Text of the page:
Tallest trees in rainforests could die of thirst, NERC-funded study finds
23 November 2015
Droughts could kill off the tallest trees in tropical rainforests, raising the Earth's carbon dioxide levels in the coming decades, a study suggests.
Reduced rainfall could cause the breakdown of the transport system that takes water from soil to the leaves, causing some of the tallest trees to die and reducing the average tree-size in the rainforest, scientists say.
This is likely to add significantly to the amount of carbon dioxide in the atmosphere as the dead trees decompose and smaller trees store less carbon, the team says.
The study, part-funded by NERC, has for the first time identified the ecological trigger causing the death of tropical rainforest trees during prolonged water shortages.
Until now, how trees die from drought was poorly understood. Previous research suggested that a severe lack of water might have prevented trees from making enough sugars to fuel their metabolism, causing them to starve and die.
Findings from the world's longest running tropical rainforest drought study now show that it is breakages in the trees' water transport system that lead to their death - rather than starvation. The results suggest that the Amazon rainforest is not resistant to intense droughts, or to long-term drought.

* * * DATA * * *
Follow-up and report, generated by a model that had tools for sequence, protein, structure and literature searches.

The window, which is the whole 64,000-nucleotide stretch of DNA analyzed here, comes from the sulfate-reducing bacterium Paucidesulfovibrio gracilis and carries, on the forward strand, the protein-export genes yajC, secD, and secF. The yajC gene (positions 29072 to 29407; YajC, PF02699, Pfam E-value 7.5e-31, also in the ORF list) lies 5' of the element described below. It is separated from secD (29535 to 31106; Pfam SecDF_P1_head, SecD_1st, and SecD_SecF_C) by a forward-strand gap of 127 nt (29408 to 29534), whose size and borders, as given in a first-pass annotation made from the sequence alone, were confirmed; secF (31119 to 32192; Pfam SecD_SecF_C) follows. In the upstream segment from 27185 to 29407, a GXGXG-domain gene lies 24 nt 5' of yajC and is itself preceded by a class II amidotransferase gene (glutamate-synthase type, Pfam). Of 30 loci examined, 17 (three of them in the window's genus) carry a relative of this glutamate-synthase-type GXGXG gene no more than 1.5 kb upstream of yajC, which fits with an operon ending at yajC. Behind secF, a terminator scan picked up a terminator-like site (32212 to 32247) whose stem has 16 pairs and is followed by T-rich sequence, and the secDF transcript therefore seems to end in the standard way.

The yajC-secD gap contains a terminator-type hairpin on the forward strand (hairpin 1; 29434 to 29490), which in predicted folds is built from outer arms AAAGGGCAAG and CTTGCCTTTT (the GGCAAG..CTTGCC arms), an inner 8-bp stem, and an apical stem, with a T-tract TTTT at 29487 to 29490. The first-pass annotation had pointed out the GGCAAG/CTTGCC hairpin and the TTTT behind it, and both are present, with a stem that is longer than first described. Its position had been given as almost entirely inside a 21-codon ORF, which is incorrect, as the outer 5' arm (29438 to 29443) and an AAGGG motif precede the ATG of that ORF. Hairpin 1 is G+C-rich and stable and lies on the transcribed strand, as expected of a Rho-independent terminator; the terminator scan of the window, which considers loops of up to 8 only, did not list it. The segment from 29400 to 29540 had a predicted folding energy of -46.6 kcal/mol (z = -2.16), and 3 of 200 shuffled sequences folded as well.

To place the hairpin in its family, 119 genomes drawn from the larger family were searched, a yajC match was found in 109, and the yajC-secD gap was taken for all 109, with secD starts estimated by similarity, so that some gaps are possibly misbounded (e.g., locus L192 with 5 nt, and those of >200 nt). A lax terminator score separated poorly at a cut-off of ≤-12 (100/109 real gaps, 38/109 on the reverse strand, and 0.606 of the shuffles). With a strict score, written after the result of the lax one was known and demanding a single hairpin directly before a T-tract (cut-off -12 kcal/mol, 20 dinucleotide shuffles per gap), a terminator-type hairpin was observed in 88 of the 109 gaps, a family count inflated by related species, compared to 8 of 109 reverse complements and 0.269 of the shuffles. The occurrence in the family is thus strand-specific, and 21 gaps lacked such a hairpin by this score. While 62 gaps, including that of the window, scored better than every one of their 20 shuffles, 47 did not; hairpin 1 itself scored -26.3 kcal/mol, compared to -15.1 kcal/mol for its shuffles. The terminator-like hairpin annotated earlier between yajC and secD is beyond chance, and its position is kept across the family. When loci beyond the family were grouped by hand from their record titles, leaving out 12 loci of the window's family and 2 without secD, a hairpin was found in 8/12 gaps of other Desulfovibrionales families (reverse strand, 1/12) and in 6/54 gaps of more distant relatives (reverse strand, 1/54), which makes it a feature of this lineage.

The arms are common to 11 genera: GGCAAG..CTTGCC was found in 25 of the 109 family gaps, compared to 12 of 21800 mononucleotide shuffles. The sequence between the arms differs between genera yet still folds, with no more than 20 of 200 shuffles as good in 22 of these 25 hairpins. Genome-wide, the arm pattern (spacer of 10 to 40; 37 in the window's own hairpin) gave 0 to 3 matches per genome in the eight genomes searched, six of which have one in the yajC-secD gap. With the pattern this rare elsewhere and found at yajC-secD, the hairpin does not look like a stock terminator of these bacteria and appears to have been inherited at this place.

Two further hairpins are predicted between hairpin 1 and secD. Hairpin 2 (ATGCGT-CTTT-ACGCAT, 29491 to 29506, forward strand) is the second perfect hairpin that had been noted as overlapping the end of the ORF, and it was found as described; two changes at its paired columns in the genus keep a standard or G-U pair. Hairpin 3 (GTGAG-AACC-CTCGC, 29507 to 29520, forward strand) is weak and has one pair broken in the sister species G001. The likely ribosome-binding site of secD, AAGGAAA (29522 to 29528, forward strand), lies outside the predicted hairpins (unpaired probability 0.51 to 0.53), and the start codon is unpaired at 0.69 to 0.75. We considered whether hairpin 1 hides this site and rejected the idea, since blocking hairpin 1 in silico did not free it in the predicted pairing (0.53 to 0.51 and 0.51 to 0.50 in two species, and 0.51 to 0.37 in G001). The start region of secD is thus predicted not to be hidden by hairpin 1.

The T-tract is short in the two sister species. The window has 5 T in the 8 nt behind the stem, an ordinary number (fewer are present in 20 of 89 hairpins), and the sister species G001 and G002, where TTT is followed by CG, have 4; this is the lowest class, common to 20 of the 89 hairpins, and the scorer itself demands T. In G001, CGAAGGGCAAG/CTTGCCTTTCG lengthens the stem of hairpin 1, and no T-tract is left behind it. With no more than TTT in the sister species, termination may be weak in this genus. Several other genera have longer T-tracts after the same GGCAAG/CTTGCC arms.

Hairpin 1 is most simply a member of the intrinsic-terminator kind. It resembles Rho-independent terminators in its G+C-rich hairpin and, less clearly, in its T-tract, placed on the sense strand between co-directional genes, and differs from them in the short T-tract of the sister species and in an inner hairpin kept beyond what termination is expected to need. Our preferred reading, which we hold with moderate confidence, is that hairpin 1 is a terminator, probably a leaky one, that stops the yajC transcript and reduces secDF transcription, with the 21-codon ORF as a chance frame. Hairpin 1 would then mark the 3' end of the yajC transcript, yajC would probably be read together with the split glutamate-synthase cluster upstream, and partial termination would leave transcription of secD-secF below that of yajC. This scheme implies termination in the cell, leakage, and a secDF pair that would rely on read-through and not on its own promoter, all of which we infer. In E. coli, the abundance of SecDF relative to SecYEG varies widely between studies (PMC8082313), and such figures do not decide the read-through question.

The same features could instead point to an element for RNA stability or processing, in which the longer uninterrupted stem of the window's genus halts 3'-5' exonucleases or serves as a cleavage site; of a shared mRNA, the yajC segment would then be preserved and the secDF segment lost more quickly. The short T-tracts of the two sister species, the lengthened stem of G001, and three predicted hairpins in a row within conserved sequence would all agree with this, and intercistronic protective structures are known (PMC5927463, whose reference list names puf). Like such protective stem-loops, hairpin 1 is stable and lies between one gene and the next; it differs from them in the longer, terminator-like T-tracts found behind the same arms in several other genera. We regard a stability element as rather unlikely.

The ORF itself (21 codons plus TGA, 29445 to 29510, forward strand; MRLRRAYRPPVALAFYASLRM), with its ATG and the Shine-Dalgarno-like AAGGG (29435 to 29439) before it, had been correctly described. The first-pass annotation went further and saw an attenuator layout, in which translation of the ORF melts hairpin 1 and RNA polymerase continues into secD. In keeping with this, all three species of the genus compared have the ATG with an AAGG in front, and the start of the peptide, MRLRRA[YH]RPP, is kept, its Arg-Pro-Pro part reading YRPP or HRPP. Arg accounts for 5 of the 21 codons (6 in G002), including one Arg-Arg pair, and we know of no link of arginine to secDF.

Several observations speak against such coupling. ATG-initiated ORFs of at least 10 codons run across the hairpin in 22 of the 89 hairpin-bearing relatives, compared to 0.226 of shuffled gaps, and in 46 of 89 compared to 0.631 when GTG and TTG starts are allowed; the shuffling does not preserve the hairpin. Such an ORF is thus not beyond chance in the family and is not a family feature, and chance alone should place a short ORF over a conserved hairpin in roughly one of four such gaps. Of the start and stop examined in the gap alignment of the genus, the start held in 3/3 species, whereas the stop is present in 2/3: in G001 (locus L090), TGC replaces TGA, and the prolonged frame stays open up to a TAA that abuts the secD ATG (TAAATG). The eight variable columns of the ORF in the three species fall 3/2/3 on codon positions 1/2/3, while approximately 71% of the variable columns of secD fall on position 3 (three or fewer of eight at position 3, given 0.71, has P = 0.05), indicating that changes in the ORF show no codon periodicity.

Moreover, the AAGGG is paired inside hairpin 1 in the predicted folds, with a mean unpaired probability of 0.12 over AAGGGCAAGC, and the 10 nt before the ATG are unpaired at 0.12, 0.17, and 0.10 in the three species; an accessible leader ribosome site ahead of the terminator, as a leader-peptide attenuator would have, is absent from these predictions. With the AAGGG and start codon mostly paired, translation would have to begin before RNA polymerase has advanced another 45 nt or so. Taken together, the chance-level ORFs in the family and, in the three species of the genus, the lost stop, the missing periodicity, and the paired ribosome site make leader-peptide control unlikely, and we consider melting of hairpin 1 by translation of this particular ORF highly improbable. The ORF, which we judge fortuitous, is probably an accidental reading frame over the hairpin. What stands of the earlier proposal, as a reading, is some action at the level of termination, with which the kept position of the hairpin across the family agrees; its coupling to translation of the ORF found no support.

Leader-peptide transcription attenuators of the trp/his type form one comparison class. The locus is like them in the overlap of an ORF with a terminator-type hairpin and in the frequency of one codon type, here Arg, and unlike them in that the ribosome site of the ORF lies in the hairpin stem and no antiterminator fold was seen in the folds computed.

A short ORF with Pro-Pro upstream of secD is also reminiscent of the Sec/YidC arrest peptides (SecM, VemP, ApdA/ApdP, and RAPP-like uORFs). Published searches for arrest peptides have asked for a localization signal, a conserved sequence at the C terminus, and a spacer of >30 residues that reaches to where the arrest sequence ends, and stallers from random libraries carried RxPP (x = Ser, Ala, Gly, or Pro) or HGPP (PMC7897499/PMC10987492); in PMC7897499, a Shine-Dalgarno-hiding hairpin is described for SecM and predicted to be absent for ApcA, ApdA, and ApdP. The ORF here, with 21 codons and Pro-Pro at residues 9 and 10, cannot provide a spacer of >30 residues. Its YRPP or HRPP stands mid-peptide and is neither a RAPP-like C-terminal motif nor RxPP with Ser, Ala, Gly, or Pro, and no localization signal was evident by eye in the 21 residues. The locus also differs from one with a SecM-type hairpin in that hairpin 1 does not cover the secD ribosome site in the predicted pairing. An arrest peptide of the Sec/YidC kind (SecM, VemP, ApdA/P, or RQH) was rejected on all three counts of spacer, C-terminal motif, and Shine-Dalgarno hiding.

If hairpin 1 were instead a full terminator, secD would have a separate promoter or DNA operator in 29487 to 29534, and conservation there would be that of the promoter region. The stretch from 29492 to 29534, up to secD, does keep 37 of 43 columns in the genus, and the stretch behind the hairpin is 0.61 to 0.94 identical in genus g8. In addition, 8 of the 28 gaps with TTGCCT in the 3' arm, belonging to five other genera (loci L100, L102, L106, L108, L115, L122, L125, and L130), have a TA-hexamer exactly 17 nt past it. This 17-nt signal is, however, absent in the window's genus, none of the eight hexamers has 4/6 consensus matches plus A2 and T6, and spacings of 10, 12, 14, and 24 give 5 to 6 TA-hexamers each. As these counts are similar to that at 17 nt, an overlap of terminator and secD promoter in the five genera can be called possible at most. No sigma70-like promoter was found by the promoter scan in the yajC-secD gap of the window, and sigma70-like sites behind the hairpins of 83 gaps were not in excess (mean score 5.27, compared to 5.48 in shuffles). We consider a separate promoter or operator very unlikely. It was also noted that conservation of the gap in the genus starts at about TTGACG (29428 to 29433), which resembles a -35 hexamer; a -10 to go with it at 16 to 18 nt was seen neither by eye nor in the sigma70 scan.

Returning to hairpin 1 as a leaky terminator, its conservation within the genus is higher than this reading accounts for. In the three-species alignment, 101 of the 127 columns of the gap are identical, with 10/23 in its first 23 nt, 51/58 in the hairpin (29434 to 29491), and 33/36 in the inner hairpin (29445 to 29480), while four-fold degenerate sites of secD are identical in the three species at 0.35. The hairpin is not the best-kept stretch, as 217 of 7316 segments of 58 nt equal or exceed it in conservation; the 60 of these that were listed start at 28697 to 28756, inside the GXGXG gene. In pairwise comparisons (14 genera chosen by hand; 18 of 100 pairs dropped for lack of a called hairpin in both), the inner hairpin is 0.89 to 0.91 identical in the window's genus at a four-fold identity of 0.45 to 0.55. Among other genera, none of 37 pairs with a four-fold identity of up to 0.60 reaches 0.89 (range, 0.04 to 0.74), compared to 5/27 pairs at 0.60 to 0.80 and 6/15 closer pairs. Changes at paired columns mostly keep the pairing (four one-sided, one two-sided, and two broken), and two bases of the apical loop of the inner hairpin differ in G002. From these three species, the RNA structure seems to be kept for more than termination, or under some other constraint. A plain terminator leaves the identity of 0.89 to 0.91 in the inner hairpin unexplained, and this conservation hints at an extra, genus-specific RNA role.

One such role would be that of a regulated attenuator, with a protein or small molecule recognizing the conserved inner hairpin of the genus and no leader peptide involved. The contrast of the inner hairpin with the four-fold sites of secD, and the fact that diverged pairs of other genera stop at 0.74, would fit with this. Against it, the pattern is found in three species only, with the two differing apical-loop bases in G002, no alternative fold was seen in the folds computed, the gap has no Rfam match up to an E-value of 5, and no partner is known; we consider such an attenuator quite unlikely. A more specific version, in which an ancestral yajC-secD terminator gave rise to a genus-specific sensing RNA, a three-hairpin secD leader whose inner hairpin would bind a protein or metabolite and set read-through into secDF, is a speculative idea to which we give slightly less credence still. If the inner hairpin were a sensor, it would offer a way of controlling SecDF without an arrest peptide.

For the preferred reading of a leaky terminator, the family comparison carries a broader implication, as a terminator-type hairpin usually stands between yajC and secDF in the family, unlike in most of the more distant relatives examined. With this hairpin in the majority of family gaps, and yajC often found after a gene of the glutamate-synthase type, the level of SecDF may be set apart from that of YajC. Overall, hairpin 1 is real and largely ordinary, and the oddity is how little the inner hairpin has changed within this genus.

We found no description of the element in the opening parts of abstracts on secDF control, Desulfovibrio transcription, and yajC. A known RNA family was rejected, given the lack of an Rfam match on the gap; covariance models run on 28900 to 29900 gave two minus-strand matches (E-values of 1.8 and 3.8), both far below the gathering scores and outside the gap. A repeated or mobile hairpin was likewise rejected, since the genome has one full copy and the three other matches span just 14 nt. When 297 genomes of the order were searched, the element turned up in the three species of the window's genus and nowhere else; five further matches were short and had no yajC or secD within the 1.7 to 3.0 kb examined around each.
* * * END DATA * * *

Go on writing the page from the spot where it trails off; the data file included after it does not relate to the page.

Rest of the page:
During the 13-year study, researchers carried out fieldwork to assess the impact of drought on trees in the Amazon. Using a large-scale drought experiment, they monitored growth, sugar levels and the performance of the water transport system in the trees.
The researchers found that the amount of sugars stored in trees experiencing drought for more than a decade was similar to those in trees which had normal amounts of water during the same period. Drought-affected trees were found to grow at a normal rate right up until they died, indicating that they had enough sugars to fuel their metabolism and that starvation was not the trigger for death.
The study, led by the University of Edinburgh, shows that during severe drought, air bubbles can enter the sap of trees and break columns of water inside the tissues that transport water and nutrients - known as xylem. The tallest trees are most vulnerable to this process which can then lead to death; smaller trees are more likely to survive, the team says.
The study, published in the journal Nature, was funded by NERC, the Brazilian National Research Council, the European Union and the Australian Research Council. The work was co-led with the Federal University of Pará, Brazil, and was carried out in collaboration with the Australian National University, the universities of Leeds and Oxford, and research centres in Spain and Brazil.
Dr Lucy Rowland, of the University of Edinburgh's School of GeoSciences, and first author of the study, said:
Tropical forests play a key role influencing global and regional climate, and understanding the way rainforest trees respond to long-term changes in their environment is essential for improving predictions of the impacts of climate change.
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